Released in mid-2022, the RIG 800 Pro is a wireless gaming headset, available from Nacon in several flavours: Xbox, PlayStation and PC. The HS version we are reviewing is the PlayStation model, which will also work on PC. If you are looking for the Xbox model, in that case you might want to pick up the RIG 800 Pro HX.
Inside the box, along with the RIG 800 Pro headset, you will find a USB wireless dongle, charge base, and a micro-USB charge cable. The charge base works as a charging station, and while the piano black is a fingerprint magnet, it does its job quite easily. Just connect it and leave it be, so those fingerprints will stay away from it as much as possible.
Now, after unboxing, the main you will notice is how light the headset is. With two comfy earcups made of faux-leather, the RIG 800 Pro looks like a premium £300 headset, while only costing half of it. Also, wait, am I even wearing them? Indeed, they are very light, which might justify the overall plastic-y materials used. At just over 200g, these will sit comfortably on your head all day with no huge issues.
Still, should they not fit well, there are three settings that you can use to regulate the comfort. The three size adjustments might sound like not enough, but they will definitely fit most heads, including my big potato. The only thing is that once you detach the cups, there is only a very tiny and thin cable separating you from disaster. So you better be extra careful when adjusting them. The good thing is that you probably will only have to adjust the headset once and then never again. Unless you’re a growing boy and eating your daily vitamins.
But, how do they sound? The RIG 800 PRO features “40mm, low frequency resonator drivers”, which means they perform quite well with low-to-mid frequencies. They do slightly less of a good job with high ones, so while you would not call them bottom-heavy, they do perform better with games rather than, for example, listening to Andre 3000’s flute album. But clearly you are not buying this headset to listen to music, you’re buying them to game. So how do they perform with games?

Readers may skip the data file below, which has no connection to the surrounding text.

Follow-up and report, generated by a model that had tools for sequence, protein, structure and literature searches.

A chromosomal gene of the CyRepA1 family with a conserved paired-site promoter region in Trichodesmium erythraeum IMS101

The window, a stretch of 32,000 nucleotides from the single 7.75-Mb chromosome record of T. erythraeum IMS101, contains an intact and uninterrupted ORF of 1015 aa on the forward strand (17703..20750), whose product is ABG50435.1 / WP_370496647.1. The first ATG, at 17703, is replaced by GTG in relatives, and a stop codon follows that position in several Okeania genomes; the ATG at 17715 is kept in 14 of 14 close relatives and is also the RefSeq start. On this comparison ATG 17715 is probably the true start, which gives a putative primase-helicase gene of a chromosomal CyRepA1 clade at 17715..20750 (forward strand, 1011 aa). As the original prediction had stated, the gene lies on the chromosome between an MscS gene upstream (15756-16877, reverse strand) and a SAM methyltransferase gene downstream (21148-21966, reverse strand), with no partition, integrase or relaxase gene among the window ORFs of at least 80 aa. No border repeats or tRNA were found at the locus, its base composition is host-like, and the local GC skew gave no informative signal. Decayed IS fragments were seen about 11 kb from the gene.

Let’s look at the connection first. With the included wireless dongle, you can connect the headset to your PS5 or PC. It is slightly more protruding than I’d like, so be careful if you’re planning to use it on the front of your tower, like I did. The risk of kicking and breaking it is definitely there. But the connection seems solid, never had any disconnection problems and even walked around the house a couple of rooms, and the connection stayed firm.
The headset connected immediately and started sounding good right away, even though a bit more tinkering with the settings helps. They feature Dolby Atmos right out of the box (well, barring the app installation on your PC) which is quite a nifty thing… if the games you play support it, that is. Still, even if not Atmos approved, the headset will do their best to adapt a 5.1 or 7.1 sound, which makes directional audio still quite good, perfect for a Call of Duty session but also quite nifty for less intensive games with an essential audio presence, such as Dredge.
On the left earcup, you will find volume and microphone sensibility controls, along with the obvious power button. These are all work fine and are quite big enough so that you will have no issues controlling them even during intensive gameplay sessions. Below the controls, rests the charging port.
Now, let’s talk about output audio: the microphone. It is a thin one, which you can flip to mute or position in front of your mouth, or around it, quite easily. It sounds okay overall, I’ve heard worse, but also better at this price point. While it does okay at eliminating most background noise, it picks up a lot of ambient noise even when you’re quiet. This means that it is a good idea to flip it (in a good way) when not in use, otherwise you will hear a distant and irritating background static. Also, if you’re a heavy breather, avoid putting it in front of your mouth, or that ASMR video is not going to get views.
With a 24-hour lasting battery, and the tests I’ve made definitely approached that number, you will never run out of juice. But, in case, you can still connect it to a charger while playing, using the… Micro USB port?! Indeed, that is one of the biggest con of the headset. In 2022 that connection was already outdated, in 2023 it’s almost impossible to find a non-Wish item still using it. I am not sure how cost-justified this choice was, but beyond trend keeping, the low power of Micro, compared to USB-C, will make charging quite slow. Also, there is no audio-in jack, which means you’re stuck using it with the dongle. Clearly, the headset won’t work on any devices outside of PS5 and PC.
Overall, the RIG 800 Pro does a lot of things right. From the included Dolby Atmos and great quality for gaming, to the comfortable fit to the ease of regulation and lightness, this is one headset you won’t mind having on your head all the time. While there are a few downsides, at this price range you are definitely not going to find a more satisfying product, if you’re looking for a comfortable and good sounding wireless gaming headset.